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Foundations of Domestic and Family Violence (DFV) Work Practices (Online)

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Event description

Given the prevalence of domestic and family violence across Australia, the need for contemporary foundational training to support workers is essential.  

This workshop will provide introductory and foundational level of information of how to recognise and respond to DFV sensitively and appropriately. Completing the workshop will also build your understanding and acknowledgement of:   

  • Gender inequality and its relationship to DFV   
  • Work practices that consider trauma-informed principles   
  • The impacts of health and wellbeing for DFV victims/survivors   
  • Intersectionality, victim/survivor experiences and sensitivity in responding to DFV   
  • Prioritisation of physical, cultural, and emotional safety   
  • Workplace limitations, worker boundaries and WHS   

The new Domestic and family violence services Practice principles, standards, and guidance   

Feedback from previous DFV Foundations   

  • "Thank you for putting on such an informative and interesting training session. I really enjoyed it and will be recommending it to others." 
  • "As someone who has just started learning about gendered violence, I found many aspects of the seminars have had a significant impact on how I am thinking about the nature of gendered violence, how cyclical it can often be, and what this means for different and diverse communities. It has made me especially determined to explore and address these issues in rural and remote communities, communities of diverse cultural and linguistic backgrounds and Indigenous communities." 

Learning Outcomes:  

  1. Recognise the social, economic, political, and historical contexts of DFV. 
  2. Review work practices when recognising and responding to DFV. 
  3. Identify work health and safety considerations when recognising and responding to DFV. These learning outcomes are based on the principles of safety, respect, access and equity, human rights, intersectionality, social justice, empowerment, and accountability. 

Event Details:


Session 1: Tuesday, 5 September 2023
Session 2: Wednesday, 6 September 2023
Session 3: Thursday, 7 September 2023

Time: 9:30am - 12:00pm (AEST - Queensland Time)
Location: Online

    Please note this is a three part series. Participants should attend all sessions.

          Who should attend

          Practitioners across the service types of the target group would benefit from this training as it provides a foundational understanding of domestic violence practice. 

          About the facilitators

          Suewellyn Kelly

          CQUniversity Associate Lecturer Suewellyn Kelly is a researcher, educator and practitioner with 30 years’ experience in the health, community, and education sectors. Suewellyn has a keen interest in integrated, holistic work practices that reduce ‘silo’ responses for families facing complex issues in their lives. Her roles have included both advocacy and program development, addressing domestic violence, sexual assault, homelessness, mental health, substance misuse, generational trauma, as well as educational, social, and financial exclusion. Suewellyn sits on the Mackay DFV Integrated Services Team, the Mackay Mayor’s DFV Taskforce and the DFV Prevention Council’s DFV Prevention Champions Network.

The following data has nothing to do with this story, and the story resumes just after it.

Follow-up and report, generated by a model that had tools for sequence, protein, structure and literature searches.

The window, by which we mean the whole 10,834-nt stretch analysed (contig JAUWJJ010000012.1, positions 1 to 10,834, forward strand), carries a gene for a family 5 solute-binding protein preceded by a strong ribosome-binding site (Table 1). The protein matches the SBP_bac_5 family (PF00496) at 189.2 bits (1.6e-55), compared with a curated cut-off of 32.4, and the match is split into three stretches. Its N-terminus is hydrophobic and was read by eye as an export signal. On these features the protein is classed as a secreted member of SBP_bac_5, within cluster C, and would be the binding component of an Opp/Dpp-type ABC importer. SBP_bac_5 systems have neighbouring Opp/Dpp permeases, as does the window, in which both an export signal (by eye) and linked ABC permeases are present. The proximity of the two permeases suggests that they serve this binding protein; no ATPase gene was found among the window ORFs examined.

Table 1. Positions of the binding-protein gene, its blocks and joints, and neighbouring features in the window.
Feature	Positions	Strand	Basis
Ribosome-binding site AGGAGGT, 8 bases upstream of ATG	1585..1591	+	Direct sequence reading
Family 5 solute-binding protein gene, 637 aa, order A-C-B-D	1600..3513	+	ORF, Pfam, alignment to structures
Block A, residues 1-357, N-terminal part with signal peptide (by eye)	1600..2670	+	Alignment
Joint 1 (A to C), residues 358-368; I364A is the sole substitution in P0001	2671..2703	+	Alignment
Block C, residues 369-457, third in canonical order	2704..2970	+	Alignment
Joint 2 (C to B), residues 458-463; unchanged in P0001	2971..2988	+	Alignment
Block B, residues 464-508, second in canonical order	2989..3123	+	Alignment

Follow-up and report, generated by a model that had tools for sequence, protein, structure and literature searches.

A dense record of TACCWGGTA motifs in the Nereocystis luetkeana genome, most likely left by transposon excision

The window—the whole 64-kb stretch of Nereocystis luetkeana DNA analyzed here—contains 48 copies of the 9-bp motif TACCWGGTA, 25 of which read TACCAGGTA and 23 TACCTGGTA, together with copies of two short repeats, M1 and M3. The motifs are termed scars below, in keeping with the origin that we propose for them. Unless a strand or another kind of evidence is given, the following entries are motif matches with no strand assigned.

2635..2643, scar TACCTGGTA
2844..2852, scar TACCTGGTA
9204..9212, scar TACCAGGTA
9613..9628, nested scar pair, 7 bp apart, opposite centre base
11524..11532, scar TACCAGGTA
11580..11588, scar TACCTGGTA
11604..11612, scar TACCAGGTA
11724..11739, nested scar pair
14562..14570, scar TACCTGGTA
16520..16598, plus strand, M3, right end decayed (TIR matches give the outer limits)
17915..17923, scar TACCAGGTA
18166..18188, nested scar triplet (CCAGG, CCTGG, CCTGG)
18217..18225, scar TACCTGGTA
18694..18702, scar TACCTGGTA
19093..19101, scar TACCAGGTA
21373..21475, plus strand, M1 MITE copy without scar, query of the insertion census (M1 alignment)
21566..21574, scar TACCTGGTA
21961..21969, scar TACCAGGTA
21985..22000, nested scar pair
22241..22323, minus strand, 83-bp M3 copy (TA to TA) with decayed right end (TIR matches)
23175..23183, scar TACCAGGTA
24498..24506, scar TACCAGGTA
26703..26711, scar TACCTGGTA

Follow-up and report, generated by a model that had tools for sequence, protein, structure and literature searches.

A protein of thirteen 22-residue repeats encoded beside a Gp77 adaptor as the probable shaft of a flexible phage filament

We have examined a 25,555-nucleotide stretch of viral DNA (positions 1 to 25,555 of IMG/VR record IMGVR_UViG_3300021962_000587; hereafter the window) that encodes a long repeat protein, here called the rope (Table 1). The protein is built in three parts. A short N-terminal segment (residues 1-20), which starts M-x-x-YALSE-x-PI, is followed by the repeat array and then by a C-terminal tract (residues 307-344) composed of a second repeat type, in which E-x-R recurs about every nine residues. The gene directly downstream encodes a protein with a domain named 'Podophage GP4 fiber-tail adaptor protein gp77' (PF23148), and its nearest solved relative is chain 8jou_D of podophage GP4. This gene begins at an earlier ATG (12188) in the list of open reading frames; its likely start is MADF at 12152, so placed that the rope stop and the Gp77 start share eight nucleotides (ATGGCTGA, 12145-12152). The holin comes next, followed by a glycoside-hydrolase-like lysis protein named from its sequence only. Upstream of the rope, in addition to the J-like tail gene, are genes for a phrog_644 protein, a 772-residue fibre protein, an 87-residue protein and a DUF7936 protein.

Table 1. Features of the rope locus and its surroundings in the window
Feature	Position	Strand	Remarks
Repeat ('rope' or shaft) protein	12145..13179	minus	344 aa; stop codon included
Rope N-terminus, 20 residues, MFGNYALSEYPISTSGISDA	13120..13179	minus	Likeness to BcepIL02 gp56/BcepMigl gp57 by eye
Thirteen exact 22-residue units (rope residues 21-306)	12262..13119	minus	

Elizabeth Boardman (Liz)

          Liz Boardman has spent over 15 years working directly with women and children who have experienced gender-based violence in Southeast Queensland and in the United Kingdom. In 2019 she was excited to transition to QCDFVR to take on a new role supporting practitioners within the sector through facilitating Communities of Practice and upskilling generalist practitioners through training.

          Liz’s years working as a domestic violence advocate in Queensland equipped her with a thorough and practical knowledge of the challenges Queensland women, children, and families face. She looks forward to applying this knowledge and developing her research skills within the dedicated QCDFVR team.

          Mellisa Taggart

          CQUniversity Indigenous Student Wellbeing Project Officer, Mellisa Taggart is a proud Wonnarua women from the Hunter Valley of NSW. Mellisa works in the Counselling & Wellbeing Team at CQUniversity and is passionate about the Social & Emotional Wellbeing of our Indigenous student cohort and working on initiatives to make our students learning journey successful. Mellisa is a facilitator of the Aboriginal and Torres Strait Islander Mental Health First Aid and Talking About Suicide courses and delivers these to students, staff and community members of CQUniversity

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